THIS is with reference to the article ‘Which language?’ by Zubeida Mustafa (Sept 25). I beg to differ with the writer as her suggestion of teaching the primary schoolchildren in their mother tongue is neither feasible nor helpful to children in their learning process.

If a survey is carried out in any school of Karachi, there will be children having at least five or six different mother tongues in a class, such as Urdu, Sindhi, Punjabi, Pashto, Memoni or Gujarati. How will it be possible for a teacher to teach in all these languages simultaneously and from where will you get such a multilingual teacher?

It will create a complete mess in the class and will add to ‘language apartheid’. As teaching in one’s mother tongue is a far-fetched idea, the other two options we are left with are teaching in Urdu or English.

Indeed, teaching in mother tongue is like feeding mother’s milk, but if mother’s milk is not an available option, why not feed the best formula milk, which is English.

I have seen African countries which faced similar problem of being multilingual, but they found a solution by adopting English as their official language. As far as ‘thinking and communicating’ in a language is concerned, if children are taught in English from day one, they will be more fluent and communicative in English than in their mother tongue.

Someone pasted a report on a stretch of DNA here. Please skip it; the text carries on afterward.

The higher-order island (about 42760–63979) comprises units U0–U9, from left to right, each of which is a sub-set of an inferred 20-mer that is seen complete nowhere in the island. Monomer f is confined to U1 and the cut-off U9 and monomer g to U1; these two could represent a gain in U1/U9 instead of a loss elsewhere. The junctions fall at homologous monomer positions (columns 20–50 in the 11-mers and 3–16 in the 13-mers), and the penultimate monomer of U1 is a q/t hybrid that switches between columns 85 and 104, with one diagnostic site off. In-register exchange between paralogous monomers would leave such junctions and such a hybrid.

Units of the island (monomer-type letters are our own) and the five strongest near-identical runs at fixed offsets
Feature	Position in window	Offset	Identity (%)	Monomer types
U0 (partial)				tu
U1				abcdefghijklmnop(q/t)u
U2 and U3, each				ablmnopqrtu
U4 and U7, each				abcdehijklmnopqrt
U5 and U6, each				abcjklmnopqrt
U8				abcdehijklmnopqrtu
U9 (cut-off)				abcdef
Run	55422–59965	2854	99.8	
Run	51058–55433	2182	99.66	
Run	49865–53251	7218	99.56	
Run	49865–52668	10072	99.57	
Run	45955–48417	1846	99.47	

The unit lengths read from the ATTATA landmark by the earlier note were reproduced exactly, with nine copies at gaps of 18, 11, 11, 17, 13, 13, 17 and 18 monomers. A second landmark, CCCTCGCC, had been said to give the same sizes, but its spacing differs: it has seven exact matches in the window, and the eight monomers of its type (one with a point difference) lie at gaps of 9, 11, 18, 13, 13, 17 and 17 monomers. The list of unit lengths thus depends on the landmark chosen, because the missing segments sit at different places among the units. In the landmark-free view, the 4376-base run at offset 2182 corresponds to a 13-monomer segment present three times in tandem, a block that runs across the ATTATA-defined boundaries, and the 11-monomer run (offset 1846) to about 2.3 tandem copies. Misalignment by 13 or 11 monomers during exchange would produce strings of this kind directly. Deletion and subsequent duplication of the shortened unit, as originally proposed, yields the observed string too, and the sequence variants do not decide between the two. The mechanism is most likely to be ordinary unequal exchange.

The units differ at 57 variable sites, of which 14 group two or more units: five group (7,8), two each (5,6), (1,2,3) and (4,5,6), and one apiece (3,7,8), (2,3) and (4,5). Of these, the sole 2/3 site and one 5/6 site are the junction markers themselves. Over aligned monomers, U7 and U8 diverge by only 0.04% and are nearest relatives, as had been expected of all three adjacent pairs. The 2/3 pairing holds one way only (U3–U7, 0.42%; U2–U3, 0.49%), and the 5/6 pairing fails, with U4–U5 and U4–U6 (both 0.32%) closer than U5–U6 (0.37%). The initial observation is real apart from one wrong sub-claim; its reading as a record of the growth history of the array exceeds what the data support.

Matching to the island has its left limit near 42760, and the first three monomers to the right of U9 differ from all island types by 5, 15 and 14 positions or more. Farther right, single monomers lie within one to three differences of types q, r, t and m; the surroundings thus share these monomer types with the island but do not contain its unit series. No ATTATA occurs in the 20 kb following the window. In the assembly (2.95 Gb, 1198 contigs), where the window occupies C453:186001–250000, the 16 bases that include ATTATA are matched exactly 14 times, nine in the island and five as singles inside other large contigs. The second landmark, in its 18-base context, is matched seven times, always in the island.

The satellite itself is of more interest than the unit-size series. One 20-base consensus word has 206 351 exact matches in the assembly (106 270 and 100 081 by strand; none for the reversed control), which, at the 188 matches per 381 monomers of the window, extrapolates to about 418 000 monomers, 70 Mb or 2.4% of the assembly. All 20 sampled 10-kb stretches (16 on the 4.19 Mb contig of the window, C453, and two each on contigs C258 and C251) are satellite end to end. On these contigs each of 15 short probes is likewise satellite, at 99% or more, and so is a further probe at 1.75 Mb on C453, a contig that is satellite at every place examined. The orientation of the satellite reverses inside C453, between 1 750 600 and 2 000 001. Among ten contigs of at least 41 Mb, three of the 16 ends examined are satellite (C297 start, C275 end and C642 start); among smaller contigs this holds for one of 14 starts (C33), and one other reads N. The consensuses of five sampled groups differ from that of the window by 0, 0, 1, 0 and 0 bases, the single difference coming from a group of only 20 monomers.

I have experience of teaching Nigerians at the Air War College and their standard of writing English was most impressive. The only big problem in adopting English as a medium of instruction is, of course, finding teachers fluent in English. This can be solved by introducing extensive teacher training programmes.

Khayyam Durrani

Published in Dawn, October 9th, 2020


Living in Karachi
19 Jan 2021

Living in Karachi

The poor often end up paying more than middle-income segments.


Updated 19 Jan 2021

LNG contracts

It is important for industry to reconnect with the national grid and for gas to be allocated for more efficient uses.
19 Jan 2021

Murdered judges

THE continuous violence in Afghanistan has raised serious questions about the sustainability of the peace process, ...
19 Jan 2021

K2 feat

A TEAM of 10 Nepalese mountaineers made history over the weekend as they scaled the world’s second highest peak K2...
Updated 18 Jan 2021

More ignominy for PIA

Decades of mismanagement, nepotism and political opportunism were bound to take their toll.
18 Jan 2021

Agriculture woes

AGRICULTURE is the lifeline of Pakistan’s economy. It is a source of livelihood for two-thirds of the country’s...
18 Jan 2021

Internet access

AS the Covid-19 pandemic rages on, and shows few signs of dissipating, one of the many lessons policymakers should ...